Standing on the midway of the Anoka fair as twilight settles is the embodiment of Schier's imagination. His name is Mitch Johnson. He is 32 and has a wife and two kids, ages 4 and 2. He owns a construction business but clearly he is not a desk-bound boss -- his wristwatch is speckled with paint. Johnson grew up among Democrats, but he says he is "a little more independent thinker myself." In 1998 he voted for Ventura, and in 2000 he voted for George W. Bush.
Party appeals move him not a bit, he says. He is interested in results. "I understand there are taxes that need to be paid, and I would be glad to pay them for a quality of life," Johnson says. His problem with the party politicians is that they don't deliver. His principal daily experience with the political system takes the form of a nightmarish commute on inadequate highways. "Politicians," he says, "are always letting you down."
Voters like Johnson have made Anoka County fertile ground for any candidate who is able to forge an image of independence, authenticity and common sense. In 1990, Anoka went for one of the most liberal politicians in America, sending Democrat Paul D. Wellstone to the Senate. Four years later, the county went just as heavily for a staunch conservative Senate candidate, Republican Rod Grams.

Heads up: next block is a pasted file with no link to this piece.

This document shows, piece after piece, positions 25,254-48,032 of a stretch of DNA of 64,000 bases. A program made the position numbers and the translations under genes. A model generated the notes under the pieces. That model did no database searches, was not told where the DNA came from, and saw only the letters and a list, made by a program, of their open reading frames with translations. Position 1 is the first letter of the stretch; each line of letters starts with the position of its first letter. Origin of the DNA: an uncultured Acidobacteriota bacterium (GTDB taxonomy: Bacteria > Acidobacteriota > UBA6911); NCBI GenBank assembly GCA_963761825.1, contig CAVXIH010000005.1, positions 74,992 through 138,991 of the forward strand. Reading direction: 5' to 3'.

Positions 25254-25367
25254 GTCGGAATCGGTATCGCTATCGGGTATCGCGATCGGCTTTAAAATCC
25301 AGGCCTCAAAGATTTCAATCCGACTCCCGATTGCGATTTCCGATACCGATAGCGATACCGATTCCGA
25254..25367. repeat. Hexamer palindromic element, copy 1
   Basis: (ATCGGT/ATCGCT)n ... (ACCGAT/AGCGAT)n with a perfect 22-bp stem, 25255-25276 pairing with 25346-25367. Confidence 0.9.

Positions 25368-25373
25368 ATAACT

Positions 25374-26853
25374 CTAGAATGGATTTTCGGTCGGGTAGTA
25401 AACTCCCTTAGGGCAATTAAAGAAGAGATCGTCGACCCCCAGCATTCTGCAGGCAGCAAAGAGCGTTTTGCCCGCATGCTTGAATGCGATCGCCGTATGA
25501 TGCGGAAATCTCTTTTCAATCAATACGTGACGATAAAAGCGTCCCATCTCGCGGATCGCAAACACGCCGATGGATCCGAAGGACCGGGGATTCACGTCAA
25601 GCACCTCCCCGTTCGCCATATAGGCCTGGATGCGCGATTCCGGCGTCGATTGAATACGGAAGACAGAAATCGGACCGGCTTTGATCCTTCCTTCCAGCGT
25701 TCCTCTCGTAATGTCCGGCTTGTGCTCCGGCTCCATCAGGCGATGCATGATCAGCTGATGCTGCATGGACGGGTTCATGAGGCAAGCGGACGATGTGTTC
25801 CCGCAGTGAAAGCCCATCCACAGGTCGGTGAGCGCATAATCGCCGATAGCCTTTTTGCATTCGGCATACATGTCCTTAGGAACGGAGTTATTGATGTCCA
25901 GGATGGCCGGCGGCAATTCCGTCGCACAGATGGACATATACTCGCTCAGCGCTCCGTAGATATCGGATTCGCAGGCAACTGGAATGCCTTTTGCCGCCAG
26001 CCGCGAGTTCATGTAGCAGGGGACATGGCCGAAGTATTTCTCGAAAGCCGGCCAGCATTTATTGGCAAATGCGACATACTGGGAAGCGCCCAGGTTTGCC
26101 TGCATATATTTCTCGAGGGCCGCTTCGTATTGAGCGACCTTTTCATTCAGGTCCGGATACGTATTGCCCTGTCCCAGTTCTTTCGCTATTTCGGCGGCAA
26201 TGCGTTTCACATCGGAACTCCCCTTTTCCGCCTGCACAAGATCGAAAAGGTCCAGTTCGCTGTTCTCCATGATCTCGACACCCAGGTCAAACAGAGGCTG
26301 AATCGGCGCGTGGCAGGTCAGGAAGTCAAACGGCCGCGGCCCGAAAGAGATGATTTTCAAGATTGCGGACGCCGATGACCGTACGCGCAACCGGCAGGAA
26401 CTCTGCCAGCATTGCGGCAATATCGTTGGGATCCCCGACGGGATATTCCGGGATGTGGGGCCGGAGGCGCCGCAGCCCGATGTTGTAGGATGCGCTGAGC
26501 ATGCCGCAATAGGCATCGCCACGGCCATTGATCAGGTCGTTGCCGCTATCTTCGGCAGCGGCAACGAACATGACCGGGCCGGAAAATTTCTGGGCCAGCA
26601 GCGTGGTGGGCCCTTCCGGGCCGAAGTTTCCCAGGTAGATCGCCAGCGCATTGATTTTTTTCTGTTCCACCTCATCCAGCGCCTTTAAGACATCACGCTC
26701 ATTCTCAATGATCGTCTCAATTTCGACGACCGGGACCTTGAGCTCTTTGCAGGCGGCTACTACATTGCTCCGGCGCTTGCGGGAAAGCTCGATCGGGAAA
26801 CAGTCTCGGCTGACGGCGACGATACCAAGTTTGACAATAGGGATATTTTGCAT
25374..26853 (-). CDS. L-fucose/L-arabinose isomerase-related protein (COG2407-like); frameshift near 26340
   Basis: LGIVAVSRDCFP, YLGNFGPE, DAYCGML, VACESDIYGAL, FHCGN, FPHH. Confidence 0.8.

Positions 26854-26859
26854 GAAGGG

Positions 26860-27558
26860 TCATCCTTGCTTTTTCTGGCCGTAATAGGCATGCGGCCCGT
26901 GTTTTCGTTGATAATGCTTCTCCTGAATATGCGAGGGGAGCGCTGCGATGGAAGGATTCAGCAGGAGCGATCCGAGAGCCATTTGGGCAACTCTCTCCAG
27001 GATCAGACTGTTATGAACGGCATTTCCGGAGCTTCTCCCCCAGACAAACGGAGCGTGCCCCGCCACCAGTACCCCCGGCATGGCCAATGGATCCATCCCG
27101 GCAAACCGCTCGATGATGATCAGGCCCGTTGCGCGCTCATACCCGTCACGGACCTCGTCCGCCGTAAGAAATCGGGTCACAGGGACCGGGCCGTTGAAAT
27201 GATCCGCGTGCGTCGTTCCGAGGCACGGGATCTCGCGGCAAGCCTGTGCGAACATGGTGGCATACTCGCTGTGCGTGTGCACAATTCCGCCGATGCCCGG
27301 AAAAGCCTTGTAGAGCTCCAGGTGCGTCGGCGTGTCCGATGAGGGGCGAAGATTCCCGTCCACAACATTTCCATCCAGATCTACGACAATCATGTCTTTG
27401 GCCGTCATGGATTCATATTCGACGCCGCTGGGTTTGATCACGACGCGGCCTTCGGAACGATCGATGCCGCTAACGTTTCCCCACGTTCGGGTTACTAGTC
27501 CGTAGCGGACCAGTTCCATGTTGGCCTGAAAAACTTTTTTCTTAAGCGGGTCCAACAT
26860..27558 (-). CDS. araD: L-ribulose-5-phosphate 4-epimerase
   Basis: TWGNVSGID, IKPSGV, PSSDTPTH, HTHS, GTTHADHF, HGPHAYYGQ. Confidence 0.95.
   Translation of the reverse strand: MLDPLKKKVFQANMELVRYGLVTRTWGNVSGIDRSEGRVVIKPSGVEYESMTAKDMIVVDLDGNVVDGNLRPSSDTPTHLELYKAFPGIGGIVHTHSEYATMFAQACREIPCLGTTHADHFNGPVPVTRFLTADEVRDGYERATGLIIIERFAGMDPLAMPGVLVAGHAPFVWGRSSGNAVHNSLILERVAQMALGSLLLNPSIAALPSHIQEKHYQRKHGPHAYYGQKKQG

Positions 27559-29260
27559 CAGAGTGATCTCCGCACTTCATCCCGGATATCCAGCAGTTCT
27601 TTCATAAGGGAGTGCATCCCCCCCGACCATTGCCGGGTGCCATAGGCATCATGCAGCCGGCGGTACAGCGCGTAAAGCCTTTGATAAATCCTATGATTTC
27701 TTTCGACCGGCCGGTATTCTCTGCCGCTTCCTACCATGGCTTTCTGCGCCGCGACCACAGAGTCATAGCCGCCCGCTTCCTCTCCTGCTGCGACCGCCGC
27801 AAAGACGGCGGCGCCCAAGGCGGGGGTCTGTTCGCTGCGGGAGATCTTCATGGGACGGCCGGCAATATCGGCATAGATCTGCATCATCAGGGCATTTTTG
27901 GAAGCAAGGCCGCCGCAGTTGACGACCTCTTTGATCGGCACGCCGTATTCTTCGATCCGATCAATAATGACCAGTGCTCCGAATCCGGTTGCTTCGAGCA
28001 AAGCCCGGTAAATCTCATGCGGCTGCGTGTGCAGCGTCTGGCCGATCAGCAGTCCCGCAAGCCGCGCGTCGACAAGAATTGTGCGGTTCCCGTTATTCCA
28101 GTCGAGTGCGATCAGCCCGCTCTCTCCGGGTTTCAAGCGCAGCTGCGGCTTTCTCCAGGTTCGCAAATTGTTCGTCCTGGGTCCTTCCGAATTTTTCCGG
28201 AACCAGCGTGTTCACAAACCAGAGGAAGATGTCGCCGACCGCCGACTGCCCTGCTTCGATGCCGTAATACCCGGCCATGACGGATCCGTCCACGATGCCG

"There is an immense impatience in Minnesota with talking heads standing up and saying nothing," explains Myron Orfield, an expert on demographics and voting patterns. Instead, voters are looking for "someone real."
"Reality is an oasis in modern politics," Orfield says.
Wouldn't it make sense, Schier is asked, for the Democrats and the Republicans to try to broaden their parties, to find themes and issues that draw in a majority that transcends specific candidates?
He barks one of his frequent laughs. "The only thing standing in the way of Republican progress here is the Republican Party," Schier says. Ditto for the Democrats. "There is nothing in the activists of the DFL or the GOP that would change this process."
Party Switchers, Dropouts
Sheila Kiscaden is a state senator from Rochester, Minn., home of the famed Mayo Clinic. She considers herself a part of what she calls the "sensible center" -- in favor of abortion rights, willing to support government programs that enhance the quality of life, a friend to the environment, a patriot.
For 10 years in the legislature, Kiscaden was a Republican. But this year, with her district redrawn to include some rural precincts, the party decided she was "not conservative enough" -- especially on abortion. Instead, the Republican convention endorsed her primary challenger, in a move many observers refer to as "a purge." Now Kiscaden is running as an independent.
"Two-thirds of Minnesotans are in the center," Kiscaden explains. "As I go door to door, people are sick of the partisan wrangling. I feel the parties have gotten out of whack with the voters."